Karl Marx and Human Self-creation, Cyril Smith (2002)
Although Aristotle’s Metaphysics was one of the most influential of philosophical documents over the past two millennia, his attempt to discuss the nature of human productive activity (poesis) had no successor for most of that time. In Book Zeta, (Met. VII, 7 and 8), the Philosopher explains three kinds of ‘things that come to be or are generated, some by nature, others, by art; still others, “automatically”.'
It is by art that those products come whose form dwells in the mind, where by ‘form’ I mean what it is to be that product, its first or primary being. ... (I)t would be impossible for anything to be if nothing were present previously ... thus, the material part is essential, since it is in process, and it is this material that comes to be something.
So we have three elements in production: agency, form and material. Aristotle has nothing to say about where the first and third of these come from, and on the second, form, he says:
(T)he form, or whatever we want to call the shape in the perceived object, is not produced; nor is there ever any production of it; no intrinsic nature is ever made.
The production of, say, a bronze sphere, consists of a workman, who has the spherical form in his head, putting some bronze into the shape of the sphere. Aristotle follows this with a careful discussion of many other aspects of form, for example, how wholes and parts are related. When production is completed, something new has come into being. For Aristotle, form was the active generator, the father, while matter was the feminine, the passive and so – quite obviously to him – inferior.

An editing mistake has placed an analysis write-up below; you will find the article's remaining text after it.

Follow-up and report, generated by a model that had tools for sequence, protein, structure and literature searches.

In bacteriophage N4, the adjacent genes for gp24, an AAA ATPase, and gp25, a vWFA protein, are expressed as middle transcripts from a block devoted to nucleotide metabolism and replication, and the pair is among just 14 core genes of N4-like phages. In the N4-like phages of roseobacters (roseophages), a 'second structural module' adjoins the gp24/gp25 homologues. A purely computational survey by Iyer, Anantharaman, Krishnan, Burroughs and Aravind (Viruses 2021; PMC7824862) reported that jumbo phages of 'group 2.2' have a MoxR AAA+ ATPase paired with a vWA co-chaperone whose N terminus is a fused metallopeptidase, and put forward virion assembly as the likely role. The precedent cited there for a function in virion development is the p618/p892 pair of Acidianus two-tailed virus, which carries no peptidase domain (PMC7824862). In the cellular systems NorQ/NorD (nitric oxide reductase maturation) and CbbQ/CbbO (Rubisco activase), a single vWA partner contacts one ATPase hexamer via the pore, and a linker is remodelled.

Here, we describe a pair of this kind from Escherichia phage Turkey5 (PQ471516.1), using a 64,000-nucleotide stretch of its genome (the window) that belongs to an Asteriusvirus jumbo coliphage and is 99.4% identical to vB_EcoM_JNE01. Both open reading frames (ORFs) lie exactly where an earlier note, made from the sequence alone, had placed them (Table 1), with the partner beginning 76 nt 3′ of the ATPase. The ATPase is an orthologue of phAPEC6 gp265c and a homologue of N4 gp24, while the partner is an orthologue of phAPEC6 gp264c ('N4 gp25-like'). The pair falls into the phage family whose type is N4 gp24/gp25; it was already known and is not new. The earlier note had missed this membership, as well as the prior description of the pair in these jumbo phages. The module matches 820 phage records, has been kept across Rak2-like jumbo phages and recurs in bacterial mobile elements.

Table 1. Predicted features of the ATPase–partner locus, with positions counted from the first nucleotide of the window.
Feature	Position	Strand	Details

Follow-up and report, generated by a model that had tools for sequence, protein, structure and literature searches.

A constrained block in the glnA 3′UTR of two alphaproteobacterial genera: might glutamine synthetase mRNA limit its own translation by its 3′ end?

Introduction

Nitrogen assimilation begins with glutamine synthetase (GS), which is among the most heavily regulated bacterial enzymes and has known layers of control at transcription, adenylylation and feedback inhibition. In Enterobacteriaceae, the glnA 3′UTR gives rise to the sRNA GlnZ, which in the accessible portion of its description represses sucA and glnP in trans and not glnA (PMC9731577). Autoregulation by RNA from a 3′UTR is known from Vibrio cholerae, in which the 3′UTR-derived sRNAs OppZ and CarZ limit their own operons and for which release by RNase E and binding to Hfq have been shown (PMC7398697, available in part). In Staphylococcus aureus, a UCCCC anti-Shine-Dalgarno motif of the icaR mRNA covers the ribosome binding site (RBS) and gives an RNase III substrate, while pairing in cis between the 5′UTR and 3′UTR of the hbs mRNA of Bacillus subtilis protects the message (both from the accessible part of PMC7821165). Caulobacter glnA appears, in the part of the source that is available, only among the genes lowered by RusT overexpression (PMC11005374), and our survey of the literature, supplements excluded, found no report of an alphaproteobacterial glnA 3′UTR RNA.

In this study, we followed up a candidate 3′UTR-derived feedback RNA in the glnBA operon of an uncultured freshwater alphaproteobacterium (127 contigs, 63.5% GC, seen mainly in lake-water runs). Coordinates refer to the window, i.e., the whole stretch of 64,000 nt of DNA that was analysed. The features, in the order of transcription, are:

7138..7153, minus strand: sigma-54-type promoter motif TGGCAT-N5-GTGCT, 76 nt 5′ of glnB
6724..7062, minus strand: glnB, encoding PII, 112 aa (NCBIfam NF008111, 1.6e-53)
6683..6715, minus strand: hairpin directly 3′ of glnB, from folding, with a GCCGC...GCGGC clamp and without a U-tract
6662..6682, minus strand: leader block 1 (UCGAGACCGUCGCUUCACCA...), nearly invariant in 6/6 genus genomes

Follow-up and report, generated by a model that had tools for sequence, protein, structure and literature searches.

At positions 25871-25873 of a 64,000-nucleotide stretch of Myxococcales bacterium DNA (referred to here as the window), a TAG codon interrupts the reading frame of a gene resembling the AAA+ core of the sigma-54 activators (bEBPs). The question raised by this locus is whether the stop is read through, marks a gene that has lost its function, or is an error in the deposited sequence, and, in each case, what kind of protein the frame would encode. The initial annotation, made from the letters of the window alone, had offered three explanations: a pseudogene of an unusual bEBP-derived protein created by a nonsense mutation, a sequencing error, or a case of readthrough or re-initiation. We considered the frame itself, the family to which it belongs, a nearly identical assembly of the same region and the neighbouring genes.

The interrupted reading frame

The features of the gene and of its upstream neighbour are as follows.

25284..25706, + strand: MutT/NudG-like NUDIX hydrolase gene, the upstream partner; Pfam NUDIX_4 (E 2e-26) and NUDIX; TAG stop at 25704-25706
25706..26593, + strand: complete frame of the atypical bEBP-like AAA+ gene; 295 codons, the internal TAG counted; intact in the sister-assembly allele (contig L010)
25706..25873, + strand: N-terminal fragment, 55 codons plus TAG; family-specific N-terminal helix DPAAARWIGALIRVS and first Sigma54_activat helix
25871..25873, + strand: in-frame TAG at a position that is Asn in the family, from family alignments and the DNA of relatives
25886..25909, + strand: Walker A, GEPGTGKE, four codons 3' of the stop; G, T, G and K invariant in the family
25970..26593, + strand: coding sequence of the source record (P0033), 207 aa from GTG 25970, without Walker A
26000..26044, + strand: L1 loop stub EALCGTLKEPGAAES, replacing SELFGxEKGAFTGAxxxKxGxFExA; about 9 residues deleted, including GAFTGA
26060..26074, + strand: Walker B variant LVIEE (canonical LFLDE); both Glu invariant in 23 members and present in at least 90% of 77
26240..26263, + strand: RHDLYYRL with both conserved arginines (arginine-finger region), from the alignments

In his Poetics, he discusses the production of poetry, the only kind of making that later philosophers thought elevated enough to merit philosophical interest. By defining it as ‘imitation of action’, he is able to include it within his general idea of poesis. Aristotle can never ask how socio-political relations are ‘generated’, because for him they have no history. Nor does he need to ask how the world as a whole is generated: his world is eternal. His ‘Unmoved Mover’, the original cause of all motion, is indeed ‘divine’, but ‘the divine’ and its life are ‘the activity of mind ... life unending, continuous and eternal’. (Met, XII, 7.)
Many centuries later, when Aquinas roped Aristotle into the service of the Catholic Church, he had a hard job reconciling the pagan philosopher with the Christian story of Divine Creation. How could you reconcile God creating the world from nothing (ex nihilo), the official Catholic view since Athanasius, with the principle that ‘nothing comes from nothing’ (ex nihilo nihil fit), or even with Greek belief in the eternity of the world?
Humans have been trying to understand the world and their own place in it for a long time. They have generally expressed their efforts in terms of some kind of religious or mythical account. This has helped to shape the way people lived because it was a way of explaining the unity of the world, including the natural and the social world, as well as the relation between the two.
How people thought about their lives, their origins and their destiny could not be separated from a story of the way the world got started. (Jews and Romans, for example, have a conception of history beginning after this starting point, while Greeks didn’t think much about the question of creation at all.) In modern, more ‘enlightened’ times, the attempt is made to explain the world without such stories, which are dismissed as mere superstition. It is hoped that a phrase like ‘Big Bang’ will make the problem go away.